Tara Niles won first place with her solo piano performance of Elton John’s “Tiny Dancer”—instrumental. In second place was Craig Humphreys, who played the banjo. Third place went to five kids from Huntley Park calling themselves Breakin’ It; they danced on some mats.

Nate is apparently a lawyer in Chicago now. Dan fought in the Gulf War, and he came through fine. He’s in real estate a few counties over, and we exchange Christmas cards. I moved with my wife and daughters back to town about nine years ago; and that’s been good for us. It’s the town that we know best. And I run into Barton from time to time, since he never left. It’s not always easy, though. Barton’s been through a couple of marriages. I think he’s seeing a waitress from Bennigan’s, but it’s not clear. And Barton is a hard drinker, so there’s that.

When we do see each other, the conversation always turns back to high school pretty quickly—football games, girls, the teachers. And just as often, the talent show.

“Didn’t even turn on the microphone,” Barton’ll say, in equal parts bewilderment and disgust.

“I mean, what did we get him for, to come out on stage with us in his PE uniform with a cape? With that moustache. Like some Goddamned Burt Reynolds. Oh, man.”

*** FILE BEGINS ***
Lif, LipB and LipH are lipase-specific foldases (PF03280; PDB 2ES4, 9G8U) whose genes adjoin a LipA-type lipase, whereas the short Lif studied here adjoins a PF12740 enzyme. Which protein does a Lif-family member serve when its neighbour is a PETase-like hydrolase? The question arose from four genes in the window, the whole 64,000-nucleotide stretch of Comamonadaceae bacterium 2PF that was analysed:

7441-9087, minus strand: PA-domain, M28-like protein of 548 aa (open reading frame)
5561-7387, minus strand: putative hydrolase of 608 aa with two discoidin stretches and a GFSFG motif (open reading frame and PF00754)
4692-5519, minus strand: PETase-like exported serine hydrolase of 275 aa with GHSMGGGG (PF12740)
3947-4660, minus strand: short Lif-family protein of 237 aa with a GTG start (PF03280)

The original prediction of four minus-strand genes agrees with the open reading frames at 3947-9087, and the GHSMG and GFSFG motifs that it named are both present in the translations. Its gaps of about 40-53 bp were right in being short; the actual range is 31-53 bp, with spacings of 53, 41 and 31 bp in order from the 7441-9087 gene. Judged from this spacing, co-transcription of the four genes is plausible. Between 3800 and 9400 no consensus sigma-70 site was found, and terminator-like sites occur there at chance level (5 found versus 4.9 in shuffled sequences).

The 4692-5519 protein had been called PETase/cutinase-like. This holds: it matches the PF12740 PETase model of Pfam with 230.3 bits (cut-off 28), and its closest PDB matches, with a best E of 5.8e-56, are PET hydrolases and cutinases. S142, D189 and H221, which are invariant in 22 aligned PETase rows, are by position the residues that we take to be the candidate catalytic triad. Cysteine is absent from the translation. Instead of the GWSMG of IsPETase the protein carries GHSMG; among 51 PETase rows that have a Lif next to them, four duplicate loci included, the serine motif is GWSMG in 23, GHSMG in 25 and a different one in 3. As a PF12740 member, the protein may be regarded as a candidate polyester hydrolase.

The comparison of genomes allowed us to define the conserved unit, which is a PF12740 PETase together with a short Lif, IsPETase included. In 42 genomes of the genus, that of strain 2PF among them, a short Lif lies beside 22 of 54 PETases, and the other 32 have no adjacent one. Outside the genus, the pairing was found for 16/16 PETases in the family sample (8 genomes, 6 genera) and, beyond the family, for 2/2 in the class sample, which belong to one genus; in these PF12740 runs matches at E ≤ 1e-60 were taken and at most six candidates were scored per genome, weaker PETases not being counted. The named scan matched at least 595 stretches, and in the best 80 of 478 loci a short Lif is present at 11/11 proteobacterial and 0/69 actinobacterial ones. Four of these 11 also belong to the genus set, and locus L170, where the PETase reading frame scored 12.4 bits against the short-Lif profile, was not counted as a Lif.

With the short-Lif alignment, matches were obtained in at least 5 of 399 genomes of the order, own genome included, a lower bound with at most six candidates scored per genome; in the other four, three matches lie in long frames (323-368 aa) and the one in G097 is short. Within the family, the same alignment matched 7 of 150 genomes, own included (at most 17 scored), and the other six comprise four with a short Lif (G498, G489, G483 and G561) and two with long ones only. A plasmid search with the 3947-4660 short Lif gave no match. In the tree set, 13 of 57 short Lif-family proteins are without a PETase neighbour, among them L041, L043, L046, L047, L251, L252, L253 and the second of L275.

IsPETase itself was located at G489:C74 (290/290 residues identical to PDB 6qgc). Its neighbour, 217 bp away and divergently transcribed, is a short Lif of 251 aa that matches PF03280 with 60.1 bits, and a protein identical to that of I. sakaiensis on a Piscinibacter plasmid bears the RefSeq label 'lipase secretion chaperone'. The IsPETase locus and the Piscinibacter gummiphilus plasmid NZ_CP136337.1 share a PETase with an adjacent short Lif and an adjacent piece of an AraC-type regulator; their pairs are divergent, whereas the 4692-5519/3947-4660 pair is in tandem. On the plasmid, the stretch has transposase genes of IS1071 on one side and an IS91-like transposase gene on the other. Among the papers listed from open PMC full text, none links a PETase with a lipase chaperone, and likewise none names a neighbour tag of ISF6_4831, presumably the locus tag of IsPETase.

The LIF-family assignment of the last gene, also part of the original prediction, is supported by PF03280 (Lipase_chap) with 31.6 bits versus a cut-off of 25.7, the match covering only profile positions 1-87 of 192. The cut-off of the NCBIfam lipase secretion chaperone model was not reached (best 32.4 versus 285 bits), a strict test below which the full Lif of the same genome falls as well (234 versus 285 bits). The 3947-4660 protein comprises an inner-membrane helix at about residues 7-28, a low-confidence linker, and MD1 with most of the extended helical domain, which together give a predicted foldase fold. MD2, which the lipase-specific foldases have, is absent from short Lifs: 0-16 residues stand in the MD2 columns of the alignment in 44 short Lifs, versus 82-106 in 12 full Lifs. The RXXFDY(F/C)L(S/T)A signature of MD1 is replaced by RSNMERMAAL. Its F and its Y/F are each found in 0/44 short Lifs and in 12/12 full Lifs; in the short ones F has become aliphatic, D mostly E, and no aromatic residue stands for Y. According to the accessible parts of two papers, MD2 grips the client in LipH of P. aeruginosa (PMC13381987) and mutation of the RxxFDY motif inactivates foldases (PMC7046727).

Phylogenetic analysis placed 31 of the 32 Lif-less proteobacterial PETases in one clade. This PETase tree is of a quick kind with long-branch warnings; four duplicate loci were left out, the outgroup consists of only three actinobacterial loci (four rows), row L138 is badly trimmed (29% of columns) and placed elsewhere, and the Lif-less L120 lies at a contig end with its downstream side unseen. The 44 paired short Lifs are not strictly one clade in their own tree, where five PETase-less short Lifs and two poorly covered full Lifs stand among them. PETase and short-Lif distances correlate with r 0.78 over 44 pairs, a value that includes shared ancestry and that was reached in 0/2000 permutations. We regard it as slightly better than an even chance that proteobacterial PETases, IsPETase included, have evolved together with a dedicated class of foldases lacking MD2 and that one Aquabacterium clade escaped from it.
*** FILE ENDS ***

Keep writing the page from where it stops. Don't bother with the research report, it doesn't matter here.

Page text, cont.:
We laugh, and then I try to get us to move on to something else.

One night, Barton calls me—I didn’t even know he had my number. The girls are asleep.

“Dude, you’re never going to believe what I found out.” It takes me a minute to recognize his voice.


“I can’t believe this,” Barton says. “I was screwing around on the computer, and it occurred to me to look up Randy Barassani, see whatever happened to that guy. And dude, he’s like a gazillionaire. He’s some kind of computer CEO or something. He invented some kind of popular computer. You’d know the name. I’m not in front of the screen right now.”

“Huh,” I say.

“Yeah, do you believe it?”

“Wow,” I say.

“But listen to this. Right on their website it says you can e-mail him directly. You know, like that kind of company president that wants people to know that he’ll listen to the Average Joe Schmoe, or some crap. Anyway, I was going to e-mail him and say, ‘Turn on the mic, dumbass.’ Or maybe, ‘You can turn the mic on now.’ Or something, I don’t know. But something about the microphone. Just a single sentence. Anyway, what do you think? That’d be awesome, right?”

In the background I hear a siren pass. I am thinking about my wife, who is at a convention for the week, and I am wishing I hadn’t picked up the phone.

“It was so long ago, is all,” I finally say.

I can hear Barton breathing. “Yeah,” he says. He doesn’t like my response. “But it’s just an e-mail. I’m not trying to blow up his building or anything. Just something like, ‘They can’t hear you—turn on the freaking mic, dork.’”

“Huh,” I say. He is waiting for me to say more. There is a crackling sound on the line, like paper being balled up, like sticks burning. I hear the siren again somewhere around Barton’s house. It is getting closer.